It’s getting to that time of year when the application process for the Japan Exchange and Teaching (JET) Programme once again opens. I thought I’d do my bit to promote it on here, as this might be something that some of you are interested in, and I am having such a great time here I want to recommend it to as many people as I can!
So what is JET? Every year, a couple of thousand people from various different countries fly to Japan and start work as Assistant Language Teachers in government schools. The sorts of things you might end up doing whilst on JET vary hugely, but could include planning lessons and activities to encourage students to use English, organising cultural events, working at elementary schools, taking part in sports days, running English camps and leading seminars.
Contracts are for one year, and as well as a very generous salary (many people find it easy to save a decent amount and still lead a comfortable lifestyle), you’ll have your return flights paid for as long as you complete your contract. There may also be the opportunity to re-contract for up to five years on the programme.
Japan is a fascinating and often misunderstood place, and by participating on JET you’ll get the opportunity to explore it in far more depth than if you just pass through as a tourist. I’m now in my third year, and so far I’ve visited over 30 of the 47 prefectures here. I’ve climbed mountains, bungee jumped, watched geisha perform, learnt to snowboard, gone to numerous festivals, stayed in a monastery, and made loads of friends not just from Japan but from around the world. I’ve had the time of my life here (and still am!).
You don’t necessarily need to know a lot about Japan or speak the language to be accepted onto JET. I knew next to nothing about Japan before I came! What they’re looking for are people who are open to learning about new cultures, who are adaptable and able to deal with potentially difficult situations, and who are enthusiastic about sharing their own culture. Since this is a travel forum, I assume that most people on here fit at least the first two criteria!
You need to have a degree (in anything) to be eligible to apply. No teaching experience / TEFL qualification is necessary, although it may strengthen your application. Just going by the nationalities of most of the posters on here, JET is open to people from the UK, Ireland, the US, Australia and New Zealand (as well as many other countries I can’t list off the top of my head!).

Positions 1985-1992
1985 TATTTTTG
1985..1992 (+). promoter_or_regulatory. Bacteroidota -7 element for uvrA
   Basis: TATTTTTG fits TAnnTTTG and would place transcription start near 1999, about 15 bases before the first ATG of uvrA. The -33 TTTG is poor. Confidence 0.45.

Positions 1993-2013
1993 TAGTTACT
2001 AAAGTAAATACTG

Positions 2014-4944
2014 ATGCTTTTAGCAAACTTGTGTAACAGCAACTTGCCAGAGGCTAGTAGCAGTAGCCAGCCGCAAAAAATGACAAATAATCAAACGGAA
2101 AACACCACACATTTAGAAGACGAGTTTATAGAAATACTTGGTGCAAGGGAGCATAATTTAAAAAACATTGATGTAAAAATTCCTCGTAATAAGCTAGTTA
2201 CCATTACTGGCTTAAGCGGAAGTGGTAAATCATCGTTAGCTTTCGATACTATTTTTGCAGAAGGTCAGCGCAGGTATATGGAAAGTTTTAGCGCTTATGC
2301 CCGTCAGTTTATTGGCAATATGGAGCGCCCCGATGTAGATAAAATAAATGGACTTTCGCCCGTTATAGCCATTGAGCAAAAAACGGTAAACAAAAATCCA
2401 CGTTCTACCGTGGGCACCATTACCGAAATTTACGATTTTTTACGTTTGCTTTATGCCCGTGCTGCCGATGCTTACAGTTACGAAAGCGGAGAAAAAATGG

The application process is quite long and can be painful, with lots of paperwork, so if you think this is something you’d be interested in, start looking into it now. Don’t leave it to the last minute! If you apply now and get accepted, you’ll be heading to Japan next July / August ... so it’s not the quickest way of getting here. But, there are lots of benefits to coming with JET over other (private) companies - a strong support system, better pay, large JET communities (there are currently about 5000 JETs across Japan) etc.
If you’re wondering what to do with your life and you fancy living somewhere different for a year or so, whilst getting paid, this could be just the thing.
The application form for 2013-14 will probably go live in October, and generally closes mid-late November.
Check out the official website for more info: http://www.jetprogramme.org/
Please feel free to ask me any questions! I hope some of you will be interested in applying. :-)
Off-topic, but I am interested in the Japanese opinion of the island dispute with China, as I am currently living in China and the response has been awful.
To be honest, where I am (out in the sticks of northern Japan) I haven’t noticed anything different! I guess this might be because I can’t understand the Japanese news, so for all I know this is the topic that everyone’s talking about at the moment, but in terms of my day to day life and interactions with Japanese teachers and students, no one has mentioned this issue at all. I will try asking some English teachers their opinions and see what they say, but I can imagine them shrugging it off as not massively important. I think up here people just tend to get on with things and the political situation doesn’t necessarily reflect how the average Japanese person (outside of the big cities at least) is feeling.
They currently own the islands so I imagine it hasn’t been as bad over there.
Anyway the JET programme sounds awesome. I kind of wish I had done it a while ago as I love Japan and I have been desperate to go back since my visit 9 years ago!
I just asked one of the teachers here what he thinks about the islands issue, and from what I could gather (he doesn’t speak much English and my Japanese is bad!), he firmly believes the islands legally belong to Japan (what a surprise) and China is just trying to claim as much land as possible for itself ... he also gave the example of Tibet. However, when I asked if he likes China, he said yes. So from this sample of one, it seems that in my little part of Japan at least, anti-China sentiment isn’t particularly strong compared to anti-Japan feelings in China!
Lunny, why not apply for JET? Not too late! It’s not just for recent graduates either; there used to be a maximum age limit of 40 but I’m pretty sure they recently removed that so now anyone from a participating country who has a degree is eligible.
I’m bumping this thread to announce that the UK online application form for the 2013-14 JET Programme is now live, and can be found here:
I would really recommend the JET Programme if you’re looking to spend at least a year living and working abroad, and discovering a fascinating new culture at the same time.
If you’ve got any questions about JET or Japan in general, please fire away and I’ll do my best to answer!
Interesting reading. Thanks! Damn, I wish I’d got a degree, sounds ace.